Wellness

Food Allergies Testing: Help! I’m Allergic to Everything!

That is how I felt when I got my food allergies test results back this week. I might be exaggerating a little bit, but it is totally how I felt, because the items I were sensitive to, are pretty major.

First, lets clear something up, food allergy and food sensitivity are two different things. An allergy means “if I eat this I am going to die,” but a sensitivity means “Oh, I really don’t feel well, but I don’t know why” — at least this is how my doctor explained it to me in the most simplest terms. The problem, as he explained, is that with sensitivities, many people don’t take them seriously, they stay in your system for at least 21 days after they are introduced, can be hard to pinpoint and if you have a multiple ones, it can cause your body to just keep fighting itself resulting in inflammation and all the other not-so lovely problems — you know, all the symptoms I have had for years, but couldn’t pinpoint it.

As I’ve explained in previous posts, I haven’t felt well for years. We have traced it back to starting about 10 years ago when career-wise, I was working for a national cable television news network, and personal life-wise my mom had gotten really sick and we found out she was going to have to spend the rest of her time in a nursing home. It was when I seemed to be allergic to everything, too, which resulted in rounds and rounds of allergy shots, and a diagnosis of asthma.

I stopped eating red meat in high school, chicken after college and fish about four years ago. Dairy about two years ago and I’ve thought for a while I had a gluten problem.

So a vegan, gluten-free diet was what I have been trying to follow, with a few cheats here and there. You know, when you go to a special brewery or a friend makes a really great homemade pizza. But, I still felt like shit. Absolutely 100 percent frustrating. Eating all this healthy stuff and still being miserable, can’t lose weight and having no engergy.

Enter my new doctor who sent me for food allergy tests. They break down the tests into items in red – which you are highly allergic to and should never eat again and yellow, which you do have a reaction  to but not as severely. These are you are supposed to eliminate for 21 days and then try reintroducing them slowly to see how you feel.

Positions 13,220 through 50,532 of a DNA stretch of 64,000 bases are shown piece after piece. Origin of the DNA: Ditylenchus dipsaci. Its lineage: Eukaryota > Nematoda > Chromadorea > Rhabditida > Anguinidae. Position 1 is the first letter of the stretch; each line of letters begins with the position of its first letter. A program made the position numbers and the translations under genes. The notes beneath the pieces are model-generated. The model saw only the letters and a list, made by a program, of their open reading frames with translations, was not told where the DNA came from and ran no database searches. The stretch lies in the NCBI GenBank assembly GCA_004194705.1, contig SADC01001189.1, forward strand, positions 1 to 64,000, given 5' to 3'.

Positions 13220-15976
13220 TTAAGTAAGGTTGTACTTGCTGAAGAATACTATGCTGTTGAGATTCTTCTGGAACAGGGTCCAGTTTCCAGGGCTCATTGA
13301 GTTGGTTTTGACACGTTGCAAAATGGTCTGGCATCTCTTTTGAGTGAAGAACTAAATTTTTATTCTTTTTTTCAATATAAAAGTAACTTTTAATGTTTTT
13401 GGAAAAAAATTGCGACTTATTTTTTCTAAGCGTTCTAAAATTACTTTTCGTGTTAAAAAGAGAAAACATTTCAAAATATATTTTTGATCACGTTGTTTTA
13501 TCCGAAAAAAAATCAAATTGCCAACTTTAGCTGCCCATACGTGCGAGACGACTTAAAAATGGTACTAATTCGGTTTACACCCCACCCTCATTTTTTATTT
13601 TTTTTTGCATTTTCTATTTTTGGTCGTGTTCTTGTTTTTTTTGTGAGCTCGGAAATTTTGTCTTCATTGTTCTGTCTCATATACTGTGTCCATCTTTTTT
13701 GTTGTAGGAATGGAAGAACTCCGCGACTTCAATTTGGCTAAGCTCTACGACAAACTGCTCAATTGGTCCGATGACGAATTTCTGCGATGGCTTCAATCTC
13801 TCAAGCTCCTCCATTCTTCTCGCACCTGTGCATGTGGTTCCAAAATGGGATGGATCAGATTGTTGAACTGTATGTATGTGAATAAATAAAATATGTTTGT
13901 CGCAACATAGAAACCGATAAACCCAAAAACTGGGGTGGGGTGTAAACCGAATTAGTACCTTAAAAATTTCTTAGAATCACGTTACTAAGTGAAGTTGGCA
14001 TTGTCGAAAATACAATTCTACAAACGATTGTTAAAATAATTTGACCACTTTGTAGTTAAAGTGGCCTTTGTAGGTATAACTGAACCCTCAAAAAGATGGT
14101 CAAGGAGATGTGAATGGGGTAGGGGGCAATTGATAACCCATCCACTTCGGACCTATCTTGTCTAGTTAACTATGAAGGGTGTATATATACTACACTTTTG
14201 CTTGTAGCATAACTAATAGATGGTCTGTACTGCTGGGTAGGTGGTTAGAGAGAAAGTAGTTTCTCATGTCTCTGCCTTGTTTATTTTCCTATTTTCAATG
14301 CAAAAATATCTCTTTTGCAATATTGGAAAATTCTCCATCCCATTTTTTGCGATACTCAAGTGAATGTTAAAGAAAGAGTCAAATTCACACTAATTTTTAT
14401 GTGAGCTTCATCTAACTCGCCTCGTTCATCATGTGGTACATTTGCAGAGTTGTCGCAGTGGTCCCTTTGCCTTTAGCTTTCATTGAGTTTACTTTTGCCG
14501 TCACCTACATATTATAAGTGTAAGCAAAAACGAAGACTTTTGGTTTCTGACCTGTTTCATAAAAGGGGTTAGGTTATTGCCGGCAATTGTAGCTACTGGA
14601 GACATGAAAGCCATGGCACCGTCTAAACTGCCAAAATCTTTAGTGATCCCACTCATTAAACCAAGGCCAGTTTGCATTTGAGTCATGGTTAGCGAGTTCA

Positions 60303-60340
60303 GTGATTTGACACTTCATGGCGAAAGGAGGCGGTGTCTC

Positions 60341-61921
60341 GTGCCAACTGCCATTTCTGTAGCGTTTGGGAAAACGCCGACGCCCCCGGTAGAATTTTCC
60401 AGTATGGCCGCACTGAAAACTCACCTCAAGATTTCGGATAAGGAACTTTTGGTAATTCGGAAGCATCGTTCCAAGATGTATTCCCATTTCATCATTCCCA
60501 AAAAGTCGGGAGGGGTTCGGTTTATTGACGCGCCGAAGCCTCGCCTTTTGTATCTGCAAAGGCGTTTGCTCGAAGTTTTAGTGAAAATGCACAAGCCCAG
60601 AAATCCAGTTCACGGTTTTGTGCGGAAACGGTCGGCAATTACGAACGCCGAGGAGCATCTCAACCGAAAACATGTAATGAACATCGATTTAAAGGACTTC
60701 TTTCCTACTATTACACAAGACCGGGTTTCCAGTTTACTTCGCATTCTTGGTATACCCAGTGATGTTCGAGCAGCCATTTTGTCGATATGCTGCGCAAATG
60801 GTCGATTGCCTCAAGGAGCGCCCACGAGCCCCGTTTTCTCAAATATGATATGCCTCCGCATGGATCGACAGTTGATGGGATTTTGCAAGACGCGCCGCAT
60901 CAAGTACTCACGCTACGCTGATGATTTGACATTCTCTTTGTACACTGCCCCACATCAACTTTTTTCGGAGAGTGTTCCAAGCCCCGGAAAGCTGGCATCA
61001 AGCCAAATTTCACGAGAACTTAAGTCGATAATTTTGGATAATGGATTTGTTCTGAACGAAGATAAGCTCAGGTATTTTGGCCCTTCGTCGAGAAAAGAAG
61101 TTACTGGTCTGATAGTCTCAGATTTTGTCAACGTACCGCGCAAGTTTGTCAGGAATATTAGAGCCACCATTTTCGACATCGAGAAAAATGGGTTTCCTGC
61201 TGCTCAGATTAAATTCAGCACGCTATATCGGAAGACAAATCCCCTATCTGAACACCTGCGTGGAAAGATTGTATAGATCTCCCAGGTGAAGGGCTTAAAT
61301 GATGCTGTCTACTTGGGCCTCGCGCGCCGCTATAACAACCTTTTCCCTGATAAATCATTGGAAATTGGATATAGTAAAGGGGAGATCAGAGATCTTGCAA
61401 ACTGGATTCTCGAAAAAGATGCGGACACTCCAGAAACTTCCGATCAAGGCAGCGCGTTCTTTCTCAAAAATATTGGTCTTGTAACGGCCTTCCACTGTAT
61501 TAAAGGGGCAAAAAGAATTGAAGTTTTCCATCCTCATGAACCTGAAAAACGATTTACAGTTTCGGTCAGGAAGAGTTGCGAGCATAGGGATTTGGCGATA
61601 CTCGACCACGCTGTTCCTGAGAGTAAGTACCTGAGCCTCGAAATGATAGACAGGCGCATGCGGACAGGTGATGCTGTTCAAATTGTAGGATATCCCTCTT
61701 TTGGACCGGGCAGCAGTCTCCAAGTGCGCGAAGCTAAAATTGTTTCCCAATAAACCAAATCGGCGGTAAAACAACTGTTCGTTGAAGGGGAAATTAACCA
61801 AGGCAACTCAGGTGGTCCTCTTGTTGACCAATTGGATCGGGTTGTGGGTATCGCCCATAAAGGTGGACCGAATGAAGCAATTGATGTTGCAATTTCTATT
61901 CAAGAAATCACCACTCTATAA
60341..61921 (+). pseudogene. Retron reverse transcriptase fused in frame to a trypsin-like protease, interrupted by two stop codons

Then there is the green bar — this means they are “OK” foods, but if the bar is close to the yellow, that means there is potential for their to be an allergy. So basically, the smaller the green bar the better.

Here is my simple red and yellow lists.

Yup, there is the wheat and cow’s milk dairy, which we suspected. But, there is also millet — a gluten-free grain that is in every gluten-free veggie burger and bread in my freezer.

Raspberries? Blueberries? Almonds? All a staple in my diet.

Zucchini? Green peas? Mushrooms? Cucumbers? Cane sugar? I grow zucchini, mushrooms are always in my fridge, pea protein is in everything from my vegan butter to my vegan cheese and protein shakes, I make cucumber water all the time and cane sugar is in pretty much everything!

Corn? I eat non-GMO popcorn all the time as a “healthy” snack. And, chips and salsa are another “healthy” alternative. Oh, and fresh sweet corn from the farmers market? Yup, picked it up on my weekly trip.

So now, lets look at the green list. If you go by percentages, I am pretty much over the 50 percent mark on the things I thought were good for me such as, eggplant, broccoli, pistachios. Actually, I am over the 50 percent mark on most foods. It’s kind of crazy. It’s also a deep, dark, black hole that you can get lost in.

Trust me. I know. The night I got my results back I sat up for hours reading and researching all of it. In addition to my doctor, I spent a half hour on the phone with one of the lab technicians at the company going over my results so that I could fully understand them.

Also on my list? potassium nitrite – something that is in a lot of processed foods, as well as a fertilizer used in many plants. Hmmm, this might explain why when I experimented and ate only organic fruits and vegetables for a week last year I felt amazing.

While this is all a bit overwhelming, and I will admit I am freaking out a little, I want to feel better so I can navigate this, I am happy to finally have answers. But, it’s really complicated. For example, millet, corn and wheat are all on my lists, which could mean that other grains such as rice could also cause a problem, but that test was in the green. Or, fructose is on my list, which for this test means high fructose corn syrup, and not items such as honey, which I tested pretty low green.

So, how does one navigate this? How do you not put so many equations into the experiment?

First step, according to my doctor, is to eliminate everything in the red and yellow for 21 days. The customized plan that comes with the test is much stricter, but my doctor want sot try this instead, because he wants it to also be manageable.

This may sound silly, but I feel dumb. Yes, I am an animal lover, but I also turned to vegetarianism and veganism to be healthier and feel better. Instead, all I have been doing is making my body fight itself, and made myself feel worse. Many of the things I thought were healthy, were in fact not, for me. It has turned my internal world upside-down a bit. Things that I thought I would never eat again, I may need to start adding back in. And things I loved, like a corn taco, which was gluten-free and I thought “healthy” will need to eliminate.

This is certainly going to be an adventure. I would love to hear about your experiences with any of this. Have you had food allergies? Were you a vegetarian who ended up being more unhealthy than healthy?

 

 

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